Anthony Joseph Guarisco Jr., sometimes known as Tony Guarisco (born September 29, 1938), is a Democratic former member of the Louisiana State Senate from Morgan City in St. Mary Parish in south Louisiana. He represented Senate District 21 from 1976 to 1988, which included the parishes of St. Mary, Assumption, Terrebonne, and St. Martin, two precincts only.
Guarisco's father was Anthony J. Guarisco, Sr. (1910-2002); his mother, the former Nathalie Verret (1913-1991). The Guariscos are a large extended Sicilian American family in Morgan City. One of their progenitors, Victor Guarisco (1879-1972) established a large shrimp company in Morgan City and later the Gulf Marine Drilling Company to build offshore oil supply boats.
In 1960, Guarisco received his Bachelor of Science in business administration from Nicholls State University in Thibodaux. In 1966, after three years of study he received his law degree from Loyola University in New Orleans, where he was a member of Delta Theta Phi. While in law school, he was President of the Student Bar Association, Chief Justice of the Judicial Court of Honor and received Honorable Mention on the Moot Court team. He was admitted to the bar in 1966. He also studied political science in 1977 and 1978 at the University of New Orleans. Years later from 2008 to 2012, he studied at Louisiana State University and obtained a Master of Arts in liberal arts, while still practicing law and engaged in real estate. Well into his seventies, he served for five months as a student body senator in 2012 at LSU.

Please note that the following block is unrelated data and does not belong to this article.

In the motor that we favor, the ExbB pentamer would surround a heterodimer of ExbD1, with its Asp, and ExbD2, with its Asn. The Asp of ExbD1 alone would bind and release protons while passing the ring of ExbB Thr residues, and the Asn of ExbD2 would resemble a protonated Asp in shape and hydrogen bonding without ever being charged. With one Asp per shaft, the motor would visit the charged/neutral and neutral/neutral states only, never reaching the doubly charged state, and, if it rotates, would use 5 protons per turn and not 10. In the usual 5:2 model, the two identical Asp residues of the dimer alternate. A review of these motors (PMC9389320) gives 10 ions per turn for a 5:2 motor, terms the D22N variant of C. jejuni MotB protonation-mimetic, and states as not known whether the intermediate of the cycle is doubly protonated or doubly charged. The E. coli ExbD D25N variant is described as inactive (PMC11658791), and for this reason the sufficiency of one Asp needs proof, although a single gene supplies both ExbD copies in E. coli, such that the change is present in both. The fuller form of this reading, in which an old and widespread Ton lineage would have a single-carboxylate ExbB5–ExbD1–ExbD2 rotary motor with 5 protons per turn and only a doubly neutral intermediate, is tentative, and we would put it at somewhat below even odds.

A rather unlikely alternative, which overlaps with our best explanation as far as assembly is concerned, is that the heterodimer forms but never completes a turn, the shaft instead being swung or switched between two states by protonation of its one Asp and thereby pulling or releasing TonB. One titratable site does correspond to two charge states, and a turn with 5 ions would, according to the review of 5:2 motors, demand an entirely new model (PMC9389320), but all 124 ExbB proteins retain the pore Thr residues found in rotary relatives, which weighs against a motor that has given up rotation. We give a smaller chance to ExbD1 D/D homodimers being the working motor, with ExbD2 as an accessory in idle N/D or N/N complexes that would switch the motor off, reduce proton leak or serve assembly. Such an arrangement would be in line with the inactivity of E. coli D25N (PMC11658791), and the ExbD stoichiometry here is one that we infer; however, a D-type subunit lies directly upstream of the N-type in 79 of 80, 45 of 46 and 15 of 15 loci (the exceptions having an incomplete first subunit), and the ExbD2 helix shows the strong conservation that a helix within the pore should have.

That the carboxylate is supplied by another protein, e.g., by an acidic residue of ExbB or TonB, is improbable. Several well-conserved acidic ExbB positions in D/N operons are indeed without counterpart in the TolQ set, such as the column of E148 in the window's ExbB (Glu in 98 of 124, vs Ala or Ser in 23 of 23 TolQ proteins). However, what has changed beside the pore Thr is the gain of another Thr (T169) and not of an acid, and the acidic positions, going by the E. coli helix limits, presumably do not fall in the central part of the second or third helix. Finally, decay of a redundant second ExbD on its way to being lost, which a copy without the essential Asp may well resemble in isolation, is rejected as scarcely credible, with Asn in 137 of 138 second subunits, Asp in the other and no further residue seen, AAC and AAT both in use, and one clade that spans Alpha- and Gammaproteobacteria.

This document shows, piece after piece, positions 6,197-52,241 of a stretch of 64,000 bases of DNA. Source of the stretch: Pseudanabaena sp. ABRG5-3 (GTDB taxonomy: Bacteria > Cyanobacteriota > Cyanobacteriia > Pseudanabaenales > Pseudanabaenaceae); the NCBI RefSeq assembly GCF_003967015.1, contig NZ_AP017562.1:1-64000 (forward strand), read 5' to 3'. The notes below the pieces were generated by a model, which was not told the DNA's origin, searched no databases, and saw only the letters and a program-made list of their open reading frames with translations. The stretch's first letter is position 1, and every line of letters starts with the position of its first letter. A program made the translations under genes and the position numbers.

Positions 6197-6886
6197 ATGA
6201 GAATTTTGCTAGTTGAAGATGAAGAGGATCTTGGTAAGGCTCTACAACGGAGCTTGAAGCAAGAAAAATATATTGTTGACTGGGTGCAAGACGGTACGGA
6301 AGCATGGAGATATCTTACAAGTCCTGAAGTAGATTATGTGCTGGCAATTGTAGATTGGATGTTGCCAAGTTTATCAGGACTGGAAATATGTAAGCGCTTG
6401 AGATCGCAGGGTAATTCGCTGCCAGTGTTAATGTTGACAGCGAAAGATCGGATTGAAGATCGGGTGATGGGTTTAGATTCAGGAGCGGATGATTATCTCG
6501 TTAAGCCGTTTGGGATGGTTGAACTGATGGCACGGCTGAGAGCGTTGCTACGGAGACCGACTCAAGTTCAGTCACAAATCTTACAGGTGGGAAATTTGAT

On February 24, 1968, in the Sacred Heart Catholic Church in Morgan City, Guarisco married the former Sherry Perdue, the daughter of Theodore Paul Perdue Jr. and the former Peggy Palmer, both of Morgan City. She too graduated from Nicholls State University and became a classroom teacher.
At the time of his marriage, Guarisco was affiliated with the Morgan City law firm Levy, Burleigh, Russo and Bourg. In a 1974 murder case, Guarisco successfully obtained the first verdict of "Not guilty by reason of insanity" in Louisiana criminal law history.
In 1972, Guarisco was elected on a non-partisan ballot as a delegate to the 1973 Louisiana Constitutional Convention held in Baton Rouge.